In the past three weeks, I’ve gone to see three live musicals, which, for someone who isn’t exactly musical theater’s biggest fan, is a lot. One of these reminded me why I don’t tend to like musicals, (see: Carrie); another surprised me by how enjoyable it was, (see: Beautiful); and the latest made me ponder whether it’s something only true musical fanatics can love.
That musical is The Wizard of Oz, a revamped version adapted by Andrew Lloyd Weber. Unlike the recent movie Oz the Great and Powerful, which was essentially a prequel, but couldn’t use anything featured in the 1939 movie that wasn’t also in the book, this musical is basically the 1939 movie put to stage. Most of the original songs are retained, with the addition of a few new compositions.
One of those additional songs starts off the show, with Dorothy lamenting that “Nobody Understands Me.” As a song, it’s not too memorable, and made me wonder why the team of Weber and Tim Rice–together for the first time since 1986’s Evita–were so heralded in the first place. But it does give lead Danielle Wade something to sing before launching into “Somewhere Over the Rainbow.” (Because really, you kind of have to prove yourself a bit before tackling such an iconic song.)
The first act isn’t very subtle when it comes to all the things and people that will soon be transformed into the land and characters of Oz, but I guess you don’t really look to musicals for subtlety. Dorothy runs away from the farm, meets the Wizard Professor Marvel (Cedric Smith), and returns home just in time to be swept up into that twister and carried into the Technicolor land of Oz.
I was looking forward to seeing how they’d handle that tornado, and was a bit disappointed to see the whole effect projected onto a screen that lowers in front of the stage. In fact, most of the trickier effects scenes are handled this way, which is a bit of a letdown.
Once Dorothy gets to Oz, the set turns colorful, almost garishly so. Glinda’s entrance is probably one of the show’s best moments, and man alive but I wish I could get a copy of her dress. Aside from Dorothy’s blue gingham dress, most of the costumes and character designs differ vastly from the film. The aforementioned Glinda (Robin Evan Willis) is decked in shades of blue and grey, not pink, and the Wicked Witch of the West (Jacquelyn Piro Donovan) is far vampier (and leggier) than her Margaret Hamilton counterpart. And the Munchkins? Well, they’re far less…munchkiny.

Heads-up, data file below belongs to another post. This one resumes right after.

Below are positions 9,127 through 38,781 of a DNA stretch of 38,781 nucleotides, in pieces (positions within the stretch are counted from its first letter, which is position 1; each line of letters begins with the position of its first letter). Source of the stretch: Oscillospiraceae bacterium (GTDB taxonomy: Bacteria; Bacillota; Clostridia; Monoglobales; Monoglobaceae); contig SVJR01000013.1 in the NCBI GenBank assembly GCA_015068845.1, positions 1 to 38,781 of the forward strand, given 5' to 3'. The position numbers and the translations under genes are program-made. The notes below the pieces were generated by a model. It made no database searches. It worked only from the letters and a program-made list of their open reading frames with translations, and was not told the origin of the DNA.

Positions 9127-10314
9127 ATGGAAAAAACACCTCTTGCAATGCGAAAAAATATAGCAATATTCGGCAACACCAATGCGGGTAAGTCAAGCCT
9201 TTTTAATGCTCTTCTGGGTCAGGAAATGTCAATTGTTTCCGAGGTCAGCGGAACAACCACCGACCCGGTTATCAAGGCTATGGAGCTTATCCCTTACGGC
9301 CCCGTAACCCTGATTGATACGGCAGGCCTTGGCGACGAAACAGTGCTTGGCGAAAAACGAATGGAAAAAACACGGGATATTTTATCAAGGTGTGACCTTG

Of Dorothy’s three traveling companions–the Scarecrow (Jamie McKnight), the Tin Man (Mike Jackson), and the Cowardly Lion (Lee MacDougall)–the Scarecrow probably gets the most laughs, playing up the fact that he doesn’t have a brain with line deliveries like “I HAVE AN IDEA NOPE GONE!” Falling close behind is the Lion, although the number of gay jokes tossed in is either total pandering or just plain overkill.
Getting back to Danielle Wade’s Dorothy, she’s very good, and I can see why she won the role on that Canadian reality show. She gives her performance enough call-back to Judy Garland without coming across as nothing but imitation; she’s got some of the Garland mannerisms and tics down, and knows when to use them for comedic effect. And she’s really, really good with Toto.
Did I mention there’s an actual dog that plays Toto? And he’s a cairn terrier, just like the original Toto? And he’s amazing? And that I couldn’t take my eyes off of him whenever he was on stage?
Although when you’re watching a stage show that features melting witches, flying monkeys, and a few of the most memorable songs ever written, I’m not sure being enraptured by a dog who’s sitting still–LIKEAGOODBOY!–is such a good thing.